After a period of opening (at a retreat, or when reading a touching book or watching a touching movie) our system will tell us when it is time to close. We don’t need to intellectually make that decision: we feel it in our body. We might get some physical signs that it’s time to close, like feeling tired, irritated, bored or just “full.” Initially we might resist closing because being open can feel so good and if we are at a retreat or workshop we feel we need to make the most of our precious time in that environment and remain open the whole time. However, this is not self-compassionate or mindful – this is resistance to where our system needs to naturally move, and it won’t serve us in the end. Trying to remain open when we need to close is part of the “subtle aggression of self-improvement” that Rob Sharples refers to. We might try to cram more emotional material into our system the way we might cram intellectual material into our mind when preparing for an exam, but our emotional learning is not the same as our intellectual learning. Emotional learning has to go at the pace of our body, which is slower moving and more grounded than our mind. We might think that we are in control of our body, but the more we tune into that amazing system the more we realize that we are really just along for the ride and our body is, in fact, the one in charge!
After some practice we can learn to more efficiently notice signs of needing to close and respond appropriately. Initial experiences of closing might confuse us, but after we’ve experienced and named it as closing repeatedly (much like the way we can notice, name, acknowledge and validate backdraft) we come to see it as part of our inner knowing, our inner navigation tool, our inner teacher. If we’re in the company of others who are practicing similarly to us, we might even speak it out loud: “I’m closing/closed right now.” Like speaking shame, speaking closing helps us connect in common humanity and helps us to normalize and validate our experience. Closing can cause shame, especially when we feel we should be performing in some way and our closing means we can no longer respond experientially (eg if we’re a teacher of this material in front of a group) so speaking closing can help if we do experience shame around this process.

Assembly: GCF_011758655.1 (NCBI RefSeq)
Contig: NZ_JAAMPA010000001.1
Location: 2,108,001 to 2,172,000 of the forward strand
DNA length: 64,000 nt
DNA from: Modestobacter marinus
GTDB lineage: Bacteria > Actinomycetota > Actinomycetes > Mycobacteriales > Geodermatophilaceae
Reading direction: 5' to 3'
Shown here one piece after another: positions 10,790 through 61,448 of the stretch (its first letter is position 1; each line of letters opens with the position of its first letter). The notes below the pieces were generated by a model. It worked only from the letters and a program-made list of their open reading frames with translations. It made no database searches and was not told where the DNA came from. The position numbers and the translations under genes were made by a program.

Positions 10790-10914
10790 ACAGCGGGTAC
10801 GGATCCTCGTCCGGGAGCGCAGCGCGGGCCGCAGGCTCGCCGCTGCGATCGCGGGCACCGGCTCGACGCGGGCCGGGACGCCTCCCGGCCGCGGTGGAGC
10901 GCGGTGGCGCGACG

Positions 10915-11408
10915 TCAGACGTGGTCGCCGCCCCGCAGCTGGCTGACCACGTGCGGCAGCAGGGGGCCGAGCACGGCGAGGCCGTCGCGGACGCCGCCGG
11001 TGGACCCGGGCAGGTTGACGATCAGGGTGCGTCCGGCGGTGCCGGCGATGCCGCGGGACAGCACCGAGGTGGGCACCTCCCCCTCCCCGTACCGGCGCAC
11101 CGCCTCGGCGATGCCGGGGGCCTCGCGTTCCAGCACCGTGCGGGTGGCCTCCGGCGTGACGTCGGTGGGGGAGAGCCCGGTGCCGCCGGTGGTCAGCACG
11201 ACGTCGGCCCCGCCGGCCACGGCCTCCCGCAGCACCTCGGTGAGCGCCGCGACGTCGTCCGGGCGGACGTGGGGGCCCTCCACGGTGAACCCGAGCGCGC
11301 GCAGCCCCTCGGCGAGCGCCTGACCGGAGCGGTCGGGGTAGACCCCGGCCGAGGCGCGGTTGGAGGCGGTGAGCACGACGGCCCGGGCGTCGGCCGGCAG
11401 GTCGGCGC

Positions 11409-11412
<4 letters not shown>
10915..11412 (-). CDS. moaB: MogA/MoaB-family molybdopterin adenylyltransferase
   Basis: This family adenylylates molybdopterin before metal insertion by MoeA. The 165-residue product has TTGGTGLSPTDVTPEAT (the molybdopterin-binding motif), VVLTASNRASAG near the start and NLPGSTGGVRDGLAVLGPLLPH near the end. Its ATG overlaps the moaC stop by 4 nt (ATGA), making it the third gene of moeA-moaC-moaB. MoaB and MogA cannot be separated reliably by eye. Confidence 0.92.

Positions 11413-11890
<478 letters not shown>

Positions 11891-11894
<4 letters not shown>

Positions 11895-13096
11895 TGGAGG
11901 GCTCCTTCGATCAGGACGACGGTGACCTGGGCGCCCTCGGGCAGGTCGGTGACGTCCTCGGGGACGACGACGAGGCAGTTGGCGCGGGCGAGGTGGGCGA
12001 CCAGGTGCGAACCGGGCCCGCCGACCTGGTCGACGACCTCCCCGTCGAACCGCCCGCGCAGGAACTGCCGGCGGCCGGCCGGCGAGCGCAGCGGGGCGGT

Window of Tolerance
Our understanding of the process of opening and closing can help us to manage our emotional experience, especially when we feel we might be moving into an area of overwhelm. We can think of emotional experience as being in one of three areas: